Another key role in the auction scene is that of the auctioneer. Christie’s archivist Lynda Mcleod has identified him as Charles Agnew, a Christie’s partner who died in 1929, whose portrait still hangs in the archive.
Which historical sources did the film-makers use?
The Chippendale film includes some scenes set in 1760, when Thomas Chippendale was elected a member of the Royal Society of Arts, and others set in 1772, when he carried out two of his best-known commissions: he supplied furniture for the actor David Garrick’s house at Adelphi Terrace, and for Edwin Lascelles at Harewood House. Quite apart from the period charm of the film-making, the film is a fascinating account of the state of Chippendale studies in the 1920s, showing both recent advances in scholarship and the limits of current knowledge. The film-makers clearly based much of it on a recently published biography, Thomas Chippendale, A study of his Life, Work and Influence (1924), by Oliver Brackett. Brackett was a furniture curator at the V&A, who breathed life into a figure about whom previously very little was known. His vivid description of the workshop was translated into live action by the film-makers:
“… the place, as we can imagine it, must have been full of life, the sawing of timber in the yard, the workshops humming with every variety of work, and the energetic Chippendale inspiring his men or rushing to pay homage to some important visitor in the shop”.
Another scene from the film shows the craftsmen taking a break for a drink of beer. This was probably based on the frontispiece of Brackett’s book, an engraving by J.F. Martin, ‘The cabinet-maker enjoying his tippling time’. Brackett describes the cabinet-maker as ‘enjoying his tippling time and [he] seems also to be exchanging chaff with a plain young woman’.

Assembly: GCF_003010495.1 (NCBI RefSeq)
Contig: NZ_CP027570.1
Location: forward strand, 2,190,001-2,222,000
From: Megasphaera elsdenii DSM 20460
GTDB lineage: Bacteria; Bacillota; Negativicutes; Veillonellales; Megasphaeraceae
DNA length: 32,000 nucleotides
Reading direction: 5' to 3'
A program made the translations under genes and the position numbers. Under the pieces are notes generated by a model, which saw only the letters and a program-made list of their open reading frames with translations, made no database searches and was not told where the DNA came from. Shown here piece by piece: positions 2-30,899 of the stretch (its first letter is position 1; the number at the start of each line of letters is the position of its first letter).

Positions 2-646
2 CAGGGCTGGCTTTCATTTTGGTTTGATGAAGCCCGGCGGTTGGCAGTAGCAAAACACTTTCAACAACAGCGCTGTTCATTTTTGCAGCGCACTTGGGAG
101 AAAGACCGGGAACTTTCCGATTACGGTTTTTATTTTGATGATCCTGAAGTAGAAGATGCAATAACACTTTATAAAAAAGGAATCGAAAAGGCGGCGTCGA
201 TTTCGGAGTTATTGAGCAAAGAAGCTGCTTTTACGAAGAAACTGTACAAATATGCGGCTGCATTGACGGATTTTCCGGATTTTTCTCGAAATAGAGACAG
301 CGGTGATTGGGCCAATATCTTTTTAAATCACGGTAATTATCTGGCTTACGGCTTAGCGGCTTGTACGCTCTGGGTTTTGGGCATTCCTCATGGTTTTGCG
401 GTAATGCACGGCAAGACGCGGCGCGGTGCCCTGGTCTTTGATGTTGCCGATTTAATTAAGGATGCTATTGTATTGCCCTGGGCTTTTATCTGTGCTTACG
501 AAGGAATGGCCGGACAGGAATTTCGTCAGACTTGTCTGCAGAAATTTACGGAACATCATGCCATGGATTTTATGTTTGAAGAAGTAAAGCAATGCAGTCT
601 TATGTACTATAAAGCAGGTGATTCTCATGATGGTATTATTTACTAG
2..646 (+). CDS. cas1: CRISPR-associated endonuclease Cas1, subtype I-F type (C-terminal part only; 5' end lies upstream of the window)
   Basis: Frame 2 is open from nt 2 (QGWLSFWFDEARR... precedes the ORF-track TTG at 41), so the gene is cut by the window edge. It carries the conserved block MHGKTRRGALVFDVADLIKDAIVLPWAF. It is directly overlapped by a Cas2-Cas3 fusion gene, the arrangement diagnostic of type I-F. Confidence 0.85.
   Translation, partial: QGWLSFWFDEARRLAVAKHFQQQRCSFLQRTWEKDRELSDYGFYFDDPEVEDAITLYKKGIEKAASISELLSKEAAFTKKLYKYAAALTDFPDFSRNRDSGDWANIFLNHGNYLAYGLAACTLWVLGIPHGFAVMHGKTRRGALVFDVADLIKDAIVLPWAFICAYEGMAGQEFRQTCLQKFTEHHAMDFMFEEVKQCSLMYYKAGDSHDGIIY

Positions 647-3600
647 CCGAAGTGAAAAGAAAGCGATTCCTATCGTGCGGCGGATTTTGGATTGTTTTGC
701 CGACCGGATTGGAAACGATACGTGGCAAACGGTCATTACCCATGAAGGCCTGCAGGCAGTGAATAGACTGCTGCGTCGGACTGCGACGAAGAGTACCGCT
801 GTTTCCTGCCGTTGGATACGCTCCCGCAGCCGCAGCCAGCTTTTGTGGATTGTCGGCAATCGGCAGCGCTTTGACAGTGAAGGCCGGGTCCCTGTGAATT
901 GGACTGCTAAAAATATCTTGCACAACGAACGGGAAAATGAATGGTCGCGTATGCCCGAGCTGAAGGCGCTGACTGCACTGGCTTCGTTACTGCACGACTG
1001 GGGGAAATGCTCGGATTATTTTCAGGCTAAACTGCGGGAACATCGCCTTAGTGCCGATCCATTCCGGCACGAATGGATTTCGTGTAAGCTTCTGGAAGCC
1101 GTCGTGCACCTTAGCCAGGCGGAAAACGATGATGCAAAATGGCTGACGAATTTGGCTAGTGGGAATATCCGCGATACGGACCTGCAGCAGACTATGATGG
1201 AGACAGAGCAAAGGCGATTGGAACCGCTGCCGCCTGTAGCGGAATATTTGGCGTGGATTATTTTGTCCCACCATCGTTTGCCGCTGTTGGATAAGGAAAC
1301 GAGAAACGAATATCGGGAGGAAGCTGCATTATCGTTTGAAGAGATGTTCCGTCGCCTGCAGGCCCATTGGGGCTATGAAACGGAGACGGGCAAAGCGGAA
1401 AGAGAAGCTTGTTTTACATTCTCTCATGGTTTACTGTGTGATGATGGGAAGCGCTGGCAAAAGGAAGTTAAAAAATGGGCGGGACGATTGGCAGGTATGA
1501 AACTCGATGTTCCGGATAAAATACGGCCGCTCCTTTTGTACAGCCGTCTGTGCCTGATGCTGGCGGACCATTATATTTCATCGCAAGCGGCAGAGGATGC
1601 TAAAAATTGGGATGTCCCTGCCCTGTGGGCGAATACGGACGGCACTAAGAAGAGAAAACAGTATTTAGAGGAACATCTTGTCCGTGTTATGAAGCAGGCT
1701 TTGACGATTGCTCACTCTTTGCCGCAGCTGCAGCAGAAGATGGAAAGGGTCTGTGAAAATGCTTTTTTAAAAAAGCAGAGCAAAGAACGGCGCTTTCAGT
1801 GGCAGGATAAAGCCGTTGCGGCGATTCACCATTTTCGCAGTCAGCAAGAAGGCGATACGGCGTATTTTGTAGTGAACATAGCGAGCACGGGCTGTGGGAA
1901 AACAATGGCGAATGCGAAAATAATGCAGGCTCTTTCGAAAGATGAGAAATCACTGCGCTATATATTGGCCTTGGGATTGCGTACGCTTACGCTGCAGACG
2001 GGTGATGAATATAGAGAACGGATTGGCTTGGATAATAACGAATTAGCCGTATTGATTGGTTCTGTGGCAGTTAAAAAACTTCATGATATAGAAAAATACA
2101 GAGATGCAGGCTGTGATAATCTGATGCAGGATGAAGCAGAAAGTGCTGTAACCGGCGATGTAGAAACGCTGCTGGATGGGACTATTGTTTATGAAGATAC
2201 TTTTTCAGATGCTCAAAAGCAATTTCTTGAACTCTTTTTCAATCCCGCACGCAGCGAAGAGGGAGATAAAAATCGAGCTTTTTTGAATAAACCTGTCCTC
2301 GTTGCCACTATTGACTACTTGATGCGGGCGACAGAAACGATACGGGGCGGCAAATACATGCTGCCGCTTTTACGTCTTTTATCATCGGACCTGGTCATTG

For the narrative of the Sheraton film, the film-makers must have relied on Adam Black’s memoirs (published 1885), which included an eye-witness account of Sheraton’s impoverished life. Black worked for Sheraton briefly in 1804, and later returned to Edinburgh to establish the publishing house A.&C. Black.
These are the only known copies of the films and it is extremely lucky that they have survived, as about two-thirds of all British silent films have been lost since sound was introduced in about 1930. After that they seemed very old-fashioned and were often sold as scrap by the production companies. Silent films that have survived have usually been in private hands.
Having discovered the films, we were keen to share them as widely as possible. We screened the Chippendale film at the Furniture History Society Symposium in April 2018, and highlights feature in a display of books relating to Chippendale from the National Art Library, ‘Thomas Chippendale Drawings’ (August 2018 – April 2019). A longer article about the films will be published in the forthcoming (2018) issue of Furniture History. Best of all we are delighted to offer them here, courtesy of the BFI National Archive, with new titles and end credits.
Very many thanks to everyone who helped me investigate the films.
All stills from the films are Courtesy of the BFI National Archive.